Ever felt jealous of people who seem so much at ease with, and thrive in dealing with numbers? From our very first year as classmates in the Philippine Science High School, in what was known back then as “Zero Year” in the school’s original five-year curriculum, I had known Virgilio “Ike” Prudente Jr. to be that kind of person – a math whiz who seemed to think and breathe math. He was clearly very comfortable with numbers, and quickly became our math teacher’s pet for the math genius he truly was. I envied how he seemed to effortlessly breeze through math concepts and exercises that were a particular challenge for me. He would not only immediately catch on to new math concepts (oh how I dreaded those binary number operations we were made to do then!), but he actually looked like he was having fun!

Now I know why. Little did I realize then that there’s a special intelligence or aptitude that seems to come naturally, even automatically, to mathematical minds like Ike has (that I certainly don’t). I suspect he was born naturally equipped in his God-given intuition with some of the math tricks and short cuts he generously shares in this book already built in. But what is heartening to me – and should be encouraging to others, young or old alike – is his own indication that he picked up many of the tricks from other people or publications through the years. In other words, there is hope for today’s young children and for those of us not necessarily born with mathematically adept minds, to attain the same math aptitude that the rest of us can only marvel about in people like Ike. And it just takes mastering simple but surprisingly very useful tricks and techniques, 25 of which are so conveniently assembled here, for breaking down seemingly complex math problems into simple ones.

As my good friend Ike sent me the draft copy of the book, he wrote: “I thought that promoting these short cuts among students will have at least two desirable results: First, many will discover that math can be fun and easy, so that we can transform math haters into math lovers. Second, students will be encouraged to solve many problems mentally instead of relying on the calculators in their cell phones and iPads. I am sure that you will agree with me that the brain needs meaningful and constant exercise, much like muscles need constant physical exercise to develop. With less mental exercise among our students nowadays, we are seeing a continuous decline in their mathematical skills and competence. This surely has a negative effect on the intellectual capacity of our new graduates.”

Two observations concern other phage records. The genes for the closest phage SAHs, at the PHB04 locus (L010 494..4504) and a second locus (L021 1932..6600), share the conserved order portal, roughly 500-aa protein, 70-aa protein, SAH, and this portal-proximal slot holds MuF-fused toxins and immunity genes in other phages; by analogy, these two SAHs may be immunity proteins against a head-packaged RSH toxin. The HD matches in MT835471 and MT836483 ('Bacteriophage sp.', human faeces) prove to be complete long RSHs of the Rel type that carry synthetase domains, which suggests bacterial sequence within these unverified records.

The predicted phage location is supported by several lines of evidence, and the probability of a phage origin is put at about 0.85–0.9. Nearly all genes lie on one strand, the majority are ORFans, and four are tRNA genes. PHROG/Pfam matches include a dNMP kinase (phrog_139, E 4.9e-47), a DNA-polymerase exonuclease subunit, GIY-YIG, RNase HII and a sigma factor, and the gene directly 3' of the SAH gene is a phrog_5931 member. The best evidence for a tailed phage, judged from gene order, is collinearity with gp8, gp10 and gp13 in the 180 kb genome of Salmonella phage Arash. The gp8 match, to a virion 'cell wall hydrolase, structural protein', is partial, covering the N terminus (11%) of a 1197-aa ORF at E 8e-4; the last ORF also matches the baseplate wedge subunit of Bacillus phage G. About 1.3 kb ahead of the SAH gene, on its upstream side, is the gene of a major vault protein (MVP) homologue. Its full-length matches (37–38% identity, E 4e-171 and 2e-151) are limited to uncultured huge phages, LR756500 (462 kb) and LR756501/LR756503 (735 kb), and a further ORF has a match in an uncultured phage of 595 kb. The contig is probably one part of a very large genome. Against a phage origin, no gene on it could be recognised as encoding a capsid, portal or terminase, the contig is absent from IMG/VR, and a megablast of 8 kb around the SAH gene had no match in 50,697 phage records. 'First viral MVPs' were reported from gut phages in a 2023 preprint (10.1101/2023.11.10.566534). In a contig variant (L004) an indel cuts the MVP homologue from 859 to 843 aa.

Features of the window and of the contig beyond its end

I submit that more than students, all of us stand to benefit from being better able to handle simple and complex computations that are part of everyone’s daily life, and at the same time keep our mental faculties in shape. For this reason, 25 Math Short Cuts is a book every household should have, and should be read by all its members, children or elders alike.

Ike further wrote to end his note: “Maybe, in this small way, the book could contribute to our national development.”  I could not agree with him more.

 

Additional information

Weight 200 g
Dimensions 9 x 6 in

1 review for 25 Math Short Cuts

  1. Where can i buy po im based in makati

    • Maaari kang bumili online ( may P100 shipping charge ).
      Malapit ka ba sa King’s Court I sa Chino Roces Corner dela Rosa ( two blocks from Makati Medical )?
      Madalas ako doon, we conduct financial seminars http://www.trulyrichmakers.biz/free-financial-seminar/ , normally on Saturdays. We could meet there for you to pick up your copy.